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Academic Honesty


Academic Dishonesty Defined

Antioch College values academic honesty by all members of the community. At Antioch College, all forms of cheating, plagiarism, and fabrication are considered academic fraud. Cheating occurs when students do not do their own work in an academic exercise or assignment. Plagiarism occurs when students appropriate the work or ideas of another without acknowledgement, or fail to correctly identify the source, whether it is done consciously or inadvertently. Examples include, but are not limited to, the following actions:

• Presenting and paraphrasing information and ideas from sources without credit to the source;

• Use of direct quotations without quotation marks and without credit to the source.

• Failure to provide adequate citations for material obtained through electronic research;

• Downloading and submitting work from electronic databases or websites as your own work or without citing sources;

• Participation in a group project that presents plagiarized materials;

• Submitting material created/written by someone else as your own, including purchased term/research papers, art, music, performance, etc;

• Copying from another student’s examination;

• Allowing a student to copy from another student’s examination;

• Using outside materials on an examination, assignment, etc. that are not authorized for use during the examination, assignment, etc;

• Collaborating on a project that was intended to be completed individually;

• Preparing or obtaining notes to take into a closed-book examination, for example, writing on the hand or desk, preparing a crib sheet, or storing information in any other format for use and retrieval during the examination;

• Using written notes or information, or electronic devices, such as a laptop computer, phone, or calculator in an unauthorized manner to store, share, and/or retrieve information during an examination;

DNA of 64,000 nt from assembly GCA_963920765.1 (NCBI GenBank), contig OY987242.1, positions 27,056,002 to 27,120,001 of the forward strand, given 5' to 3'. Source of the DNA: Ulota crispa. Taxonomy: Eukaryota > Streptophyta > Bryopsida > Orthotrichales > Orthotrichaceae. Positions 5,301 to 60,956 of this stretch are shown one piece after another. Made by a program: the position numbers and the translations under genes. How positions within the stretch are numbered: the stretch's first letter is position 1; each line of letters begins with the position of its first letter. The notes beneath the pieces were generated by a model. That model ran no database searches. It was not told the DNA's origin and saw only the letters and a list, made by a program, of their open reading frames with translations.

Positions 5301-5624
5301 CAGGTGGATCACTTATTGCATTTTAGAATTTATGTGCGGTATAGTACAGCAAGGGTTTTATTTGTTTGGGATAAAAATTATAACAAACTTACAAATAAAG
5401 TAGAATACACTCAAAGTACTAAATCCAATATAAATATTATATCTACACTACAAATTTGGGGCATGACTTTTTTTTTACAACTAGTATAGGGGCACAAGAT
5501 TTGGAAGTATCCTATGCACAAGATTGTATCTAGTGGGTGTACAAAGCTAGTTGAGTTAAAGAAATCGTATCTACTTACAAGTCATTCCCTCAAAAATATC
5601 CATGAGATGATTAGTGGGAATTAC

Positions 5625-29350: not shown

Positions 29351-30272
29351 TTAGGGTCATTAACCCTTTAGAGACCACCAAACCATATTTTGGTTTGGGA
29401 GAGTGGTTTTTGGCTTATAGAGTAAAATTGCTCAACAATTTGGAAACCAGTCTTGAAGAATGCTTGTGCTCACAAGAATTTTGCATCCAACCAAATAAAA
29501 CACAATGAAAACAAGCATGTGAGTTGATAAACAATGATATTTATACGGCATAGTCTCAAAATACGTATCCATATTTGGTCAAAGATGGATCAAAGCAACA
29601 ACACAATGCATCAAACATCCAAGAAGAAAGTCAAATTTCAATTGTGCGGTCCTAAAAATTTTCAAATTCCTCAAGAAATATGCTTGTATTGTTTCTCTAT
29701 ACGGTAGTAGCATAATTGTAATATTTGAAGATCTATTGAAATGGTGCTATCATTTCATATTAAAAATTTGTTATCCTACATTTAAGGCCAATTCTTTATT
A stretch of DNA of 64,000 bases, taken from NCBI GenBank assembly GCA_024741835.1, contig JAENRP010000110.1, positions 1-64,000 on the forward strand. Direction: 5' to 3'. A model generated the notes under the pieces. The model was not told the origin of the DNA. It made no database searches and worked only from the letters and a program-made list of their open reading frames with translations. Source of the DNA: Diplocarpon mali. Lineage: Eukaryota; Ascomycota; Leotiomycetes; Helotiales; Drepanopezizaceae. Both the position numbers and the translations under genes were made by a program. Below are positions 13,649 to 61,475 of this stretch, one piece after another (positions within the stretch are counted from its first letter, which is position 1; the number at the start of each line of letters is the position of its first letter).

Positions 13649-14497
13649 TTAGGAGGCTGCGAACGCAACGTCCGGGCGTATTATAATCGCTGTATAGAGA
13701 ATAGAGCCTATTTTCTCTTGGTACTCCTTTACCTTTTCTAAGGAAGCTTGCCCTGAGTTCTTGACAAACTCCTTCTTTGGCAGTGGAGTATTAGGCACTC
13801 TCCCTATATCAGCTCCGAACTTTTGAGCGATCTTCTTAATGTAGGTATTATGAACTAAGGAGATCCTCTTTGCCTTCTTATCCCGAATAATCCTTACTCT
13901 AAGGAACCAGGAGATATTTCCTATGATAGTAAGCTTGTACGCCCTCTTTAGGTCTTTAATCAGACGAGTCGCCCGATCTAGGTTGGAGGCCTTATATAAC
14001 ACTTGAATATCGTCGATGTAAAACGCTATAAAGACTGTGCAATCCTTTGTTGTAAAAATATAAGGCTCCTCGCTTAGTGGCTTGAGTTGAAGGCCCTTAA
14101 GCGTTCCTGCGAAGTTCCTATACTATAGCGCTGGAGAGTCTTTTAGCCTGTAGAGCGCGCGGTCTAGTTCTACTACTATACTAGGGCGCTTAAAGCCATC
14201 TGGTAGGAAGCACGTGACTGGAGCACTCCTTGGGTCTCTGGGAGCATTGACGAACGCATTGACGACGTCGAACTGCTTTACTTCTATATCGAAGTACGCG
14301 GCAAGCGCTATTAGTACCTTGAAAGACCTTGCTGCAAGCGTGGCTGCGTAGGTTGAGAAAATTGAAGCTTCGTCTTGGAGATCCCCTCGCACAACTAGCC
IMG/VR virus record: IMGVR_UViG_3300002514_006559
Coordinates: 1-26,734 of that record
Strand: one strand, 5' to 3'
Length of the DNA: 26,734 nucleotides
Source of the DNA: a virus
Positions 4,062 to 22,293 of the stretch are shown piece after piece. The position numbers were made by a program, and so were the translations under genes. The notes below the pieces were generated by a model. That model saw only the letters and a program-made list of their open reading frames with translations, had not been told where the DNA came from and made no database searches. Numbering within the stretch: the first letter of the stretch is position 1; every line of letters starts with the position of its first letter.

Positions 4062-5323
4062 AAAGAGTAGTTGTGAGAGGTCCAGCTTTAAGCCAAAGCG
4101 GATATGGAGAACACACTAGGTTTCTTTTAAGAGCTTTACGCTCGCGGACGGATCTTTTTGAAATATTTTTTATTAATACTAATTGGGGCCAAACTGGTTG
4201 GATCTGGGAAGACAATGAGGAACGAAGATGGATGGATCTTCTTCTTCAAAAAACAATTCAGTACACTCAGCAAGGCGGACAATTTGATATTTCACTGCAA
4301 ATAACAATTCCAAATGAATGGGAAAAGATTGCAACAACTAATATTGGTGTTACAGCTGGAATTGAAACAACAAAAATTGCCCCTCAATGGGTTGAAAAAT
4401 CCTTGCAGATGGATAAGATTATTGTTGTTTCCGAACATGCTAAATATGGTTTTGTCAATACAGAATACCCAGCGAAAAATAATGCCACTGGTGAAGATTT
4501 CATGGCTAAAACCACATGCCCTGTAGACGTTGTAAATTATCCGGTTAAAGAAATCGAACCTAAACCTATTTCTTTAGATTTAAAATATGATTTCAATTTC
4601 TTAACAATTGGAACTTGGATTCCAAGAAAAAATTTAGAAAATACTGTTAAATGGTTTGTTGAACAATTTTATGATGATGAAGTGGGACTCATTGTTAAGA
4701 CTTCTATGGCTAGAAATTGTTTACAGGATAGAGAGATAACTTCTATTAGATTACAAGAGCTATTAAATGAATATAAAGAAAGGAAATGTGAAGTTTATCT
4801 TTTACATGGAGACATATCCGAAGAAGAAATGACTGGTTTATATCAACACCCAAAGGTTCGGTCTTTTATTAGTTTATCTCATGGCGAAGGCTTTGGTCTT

• Falsifying citations, for example by citing information from a nonexistent reference;

• Listing sources in the bibliography that were not used in the academic exercise;

• Engaging another individual (whether a part of the College community or from outside of the College community) to complete the student’s examination, to complete the student’s academic exercise, or to write the student’s paper;

• Self-Plagiarism, or “recycling” work, in which previously written or published work is presented as newly written;

• Duplicate submissions (submitting one assignment to two different courses without specific permission of both instructors), at any point during your academic career, regardless of when the work was created.

Defining “Common Knowledge”

Information that is found consistently in multiple sources (such as reference books or textbooks), is easily accessible, and is known to be true by a wide audience is generally assumed to be common knowledge and would not need to be documented. Information from sources not readily available to most people, which concentrates on a specific field or subject area, and contains jargon not commonly used and specific to a discipline or field of study, should be documented. Students who are unsure whether or not specific information is considered to be common knowledge should consult their course instructor to avoid plagiarism. In general, students’ work must be their own. Violations of academic honesty are taken very seriously. Penalties for violations range from failing assignments or tests to dismissal from the College. These acts violate the Antioch College Honor Code and damage trust in one another. Community members, who witness or suspect violations of academic integrity, should report the suspected offender to the instructor.

Next - Levels of Violation